When we speak a different language, we essentially become different people. When we think in a different language, we think in a different way. Languages represent cultures, belief systems, lifeworlds. If we switch to a different language, we switch to a different worldview. Forcing people to speak the same language especially in political debate is to force them to think differently and to have different arguments. Some people consider it as a form of oppression.

Who is to say that English in Britain, French in France etc. is the only accepted language of critical-rational debate? It is arrogant to think that one dominant language is the language of reason and the sole purveyor of truth. This is why we need to embrace multilingualism, we need to foster and encourage it, especially in politics, where it is most vital. It encourages pluralism in thought and expression, which is at the heart of democracy.

Call for papers! Special issue on Signed Language Interpreting and Translation

Translation and Interpreting Studies

Special Issue

Signed Language Interpreting and Translation

CALL FOR PAPERS

Guest Editors

Laurie Swabey, St. Catherine University

Brenda Nicodemus, Gallaudet University

Translation and Interpreting Studies (John Benjamins) invites proposals for a special thematic issue on signed language interpretation and translation to be published in April of 2018.  The editors aim to bring together papers that address critical issues in the linguistic analysis of interpretations and translations that occur between a signed language and spoken or written language.

We welcome data driven papers on the spectrum between a microanalysis of one specific lexical item to the examination of a full interpreted or translated discourse. Papers may take a descriptive, applied, or theoretical approach to interpreting and translation of a signed language. We encourage a broad range of methodological approaches and theoretical frameworks, including qualitative, quantitative, and mixed methods.

Suggested Topics (related to interpreting and translation):

  • –       discourse in specialized settings (e.g., legal, healthcare, education, politics, media, video)
  • –       interpreting for emergent signers
  • –       lexical gaps between signed and spoken languages
  • –       discourse structure and signing space
  • –       conversation analysis
  • –       figurative language and metaphor
  • –       message accuracy between source and target
  • –       effects of modality in linguistic production/reception
  • –       metalinguistics, semantics, and pragmatics
  • –       language use in interpreter/translator education
  • –       linguistic issues in trilingual interpreting and translation
  • –       the work of deaf interpreters and translators
  • –       linguistic issues in tactile and close vision interpreting

Timeline for Authors

Abstracts (400-500) words due to guest editors December 1, 2015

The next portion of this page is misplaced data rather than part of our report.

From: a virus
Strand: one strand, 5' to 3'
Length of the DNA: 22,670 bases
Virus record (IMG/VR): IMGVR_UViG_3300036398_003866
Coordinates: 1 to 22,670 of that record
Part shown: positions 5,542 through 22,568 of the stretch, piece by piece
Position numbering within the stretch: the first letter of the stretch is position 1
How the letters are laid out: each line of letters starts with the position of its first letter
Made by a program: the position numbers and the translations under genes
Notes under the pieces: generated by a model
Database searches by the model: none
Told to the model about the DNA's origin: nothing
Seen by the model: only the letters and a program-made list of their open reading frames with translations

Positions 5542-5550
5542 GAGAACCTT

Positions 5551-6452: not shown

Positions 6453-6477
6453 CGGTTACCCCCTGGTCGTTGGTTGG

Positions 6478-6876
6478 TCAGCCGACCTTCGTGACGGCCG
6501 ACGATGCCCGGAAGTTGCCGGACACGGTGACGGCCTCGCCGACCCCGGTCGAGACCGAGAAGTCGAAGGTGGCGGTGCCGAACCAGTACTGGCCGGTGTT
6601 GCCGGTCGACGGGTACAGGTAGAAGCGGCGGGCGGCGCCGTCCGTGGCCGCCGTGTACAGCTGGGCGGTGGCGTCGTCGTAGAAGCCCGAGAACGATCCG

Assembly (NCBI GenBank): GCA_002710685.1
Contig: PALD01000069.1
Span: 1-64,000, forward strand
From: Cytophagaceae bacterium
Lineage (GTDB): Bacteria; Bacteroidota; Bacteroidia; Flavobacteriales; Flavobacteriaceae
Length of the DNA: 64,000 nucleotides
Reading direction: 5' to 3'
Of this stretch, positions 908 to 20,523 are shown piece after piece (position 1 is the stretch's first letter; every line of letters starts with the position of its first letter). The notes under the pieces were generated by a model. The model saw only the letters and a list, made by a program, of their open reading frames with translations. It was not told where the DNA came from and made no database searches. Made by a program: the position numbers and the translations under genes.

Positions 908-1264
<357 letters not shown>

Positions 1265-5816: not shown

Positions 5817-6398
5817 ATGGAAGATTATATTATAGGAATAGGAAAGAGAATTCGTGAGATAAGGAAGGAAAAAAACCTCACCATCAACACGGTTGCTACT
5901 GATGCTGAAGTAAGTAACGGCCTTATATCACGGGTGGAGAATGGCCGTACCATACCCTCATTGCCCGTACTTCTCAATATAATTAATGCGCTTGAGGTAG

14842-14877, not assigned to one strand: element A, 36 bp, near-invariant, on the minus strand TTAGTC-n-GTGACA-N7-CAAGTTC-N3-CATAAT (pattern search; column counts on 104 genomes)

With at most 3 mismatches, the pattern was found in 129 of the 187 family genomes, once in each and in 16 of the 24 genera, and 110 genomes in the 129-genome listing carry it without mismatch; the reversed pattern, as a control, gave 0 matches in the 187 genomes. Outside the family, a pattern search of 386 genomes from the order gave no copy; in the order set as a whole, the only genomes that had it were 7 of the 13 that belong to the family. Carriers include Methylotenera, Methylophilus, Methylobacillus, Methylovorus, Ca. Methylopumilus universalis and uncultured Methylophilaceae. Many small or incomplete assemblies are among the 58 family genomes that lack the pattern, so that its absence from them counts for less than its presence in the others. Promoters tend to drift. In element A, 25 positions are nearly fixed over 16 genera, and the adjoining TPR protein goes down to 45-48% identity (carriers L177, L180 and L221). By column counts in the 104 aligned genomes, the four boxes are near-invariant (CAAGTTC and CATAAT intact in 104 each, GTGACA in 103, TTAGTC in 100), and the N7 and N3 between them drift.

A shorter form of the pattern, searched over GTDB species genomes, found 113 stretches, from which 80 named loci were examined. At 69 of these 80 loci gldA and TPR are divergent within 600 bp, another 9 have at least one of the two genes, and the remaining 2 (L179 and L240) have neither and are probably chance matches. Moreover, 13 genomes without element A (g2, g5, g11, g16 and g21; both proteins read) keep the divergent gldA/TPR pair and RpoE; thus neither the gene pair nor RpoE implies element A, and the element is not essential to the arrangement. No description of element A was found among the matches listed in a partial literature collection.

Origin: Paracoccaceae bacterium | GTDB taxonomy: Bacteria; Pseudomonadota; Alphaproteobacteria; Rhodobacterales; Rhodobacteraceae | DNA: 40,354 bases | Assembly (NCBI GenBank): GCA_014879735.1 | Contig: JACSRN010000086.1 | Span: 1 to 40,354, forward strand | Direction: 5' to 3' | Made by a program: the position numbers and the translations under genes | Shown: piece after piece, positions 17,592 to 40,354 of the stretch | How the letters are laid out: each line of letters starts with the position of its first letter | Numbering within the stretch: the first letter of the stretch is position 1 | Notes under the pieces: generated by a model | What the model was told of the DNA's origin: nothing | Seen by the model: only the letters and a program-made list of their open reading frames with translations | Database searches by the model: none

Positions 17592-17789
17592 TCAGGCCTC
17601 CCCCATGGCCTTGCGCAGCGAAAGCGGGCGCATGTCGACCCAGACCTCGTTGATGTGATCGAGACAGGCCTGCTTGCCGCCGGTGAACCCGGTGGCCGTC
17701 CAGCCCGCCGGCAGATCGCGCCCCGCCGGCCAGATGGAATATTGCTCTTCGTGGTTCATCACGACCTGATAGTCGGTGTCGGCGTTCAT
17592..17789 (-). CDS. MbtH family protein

Decision on abstracts February 1, 2016
Submission of full manuscripts September 1, 2016
Decisions to authors February 1, 2017
Final versions of papers due August 1, 2017
Publication of special issue Spring 2018

Contact Information

Abstracts should be sent to both guest editors. If you have any questions, please contact Laurie Swabey (laswabey@stkate.edu) and Brenda Nicodemus (brenda.nicodemus@gallaudet.edu).

 

Ethnology Crossroads

Reporting back from Ethnology Crossroads Conference

by Prof. Máiread Nic Craith, Anna Koryczan and Cristina Clopot

Ethnology Crossroads was a two-day conference organized by the European Ethnological Research Centre in collaboration with the Society of Antiquaries of Scotland, held on December 5-6th in Edinburgh. The aim was to assess the current state of ethnology in Scotland but also discuss its possible future. This discussion was rounded over the publication of the 14th and last book from the Scottish Life and Society – A Compendium of Scottish Ethnology series and was dedicated to the memory of Alexander Fenton. The list of speakers of the day included two LINCS professors, Máiréad Nic Craith and Ullrich Kockel, and a couple of LINCS students in the audience.

Ethnology as seen and practiced by young academics

The second panel of the conference featured young ethnologists, who are either working on a PhD thesis or are aiming to start one in the future. Fascinating projects were presented by three speakers in connection to the umbrella theme of the panel ‘Ethnologists in the Community’.

The first speaker, Ella Leith, a PhD student at the University of Edinburgh, reasoned for recognition of Deafness as a cultural rather than a medical issue. In this context, she tried to raise awareness of Deaf disempowerment in higher education as well as to make a clear distinction with regard to ways the society engages with deaf communities, that is, through either taking a stance of ‘deaf wage’ or ‘deaf heart’. Concluding her talk, Ella urged ethnologists to take social responsibility towards minorities they study.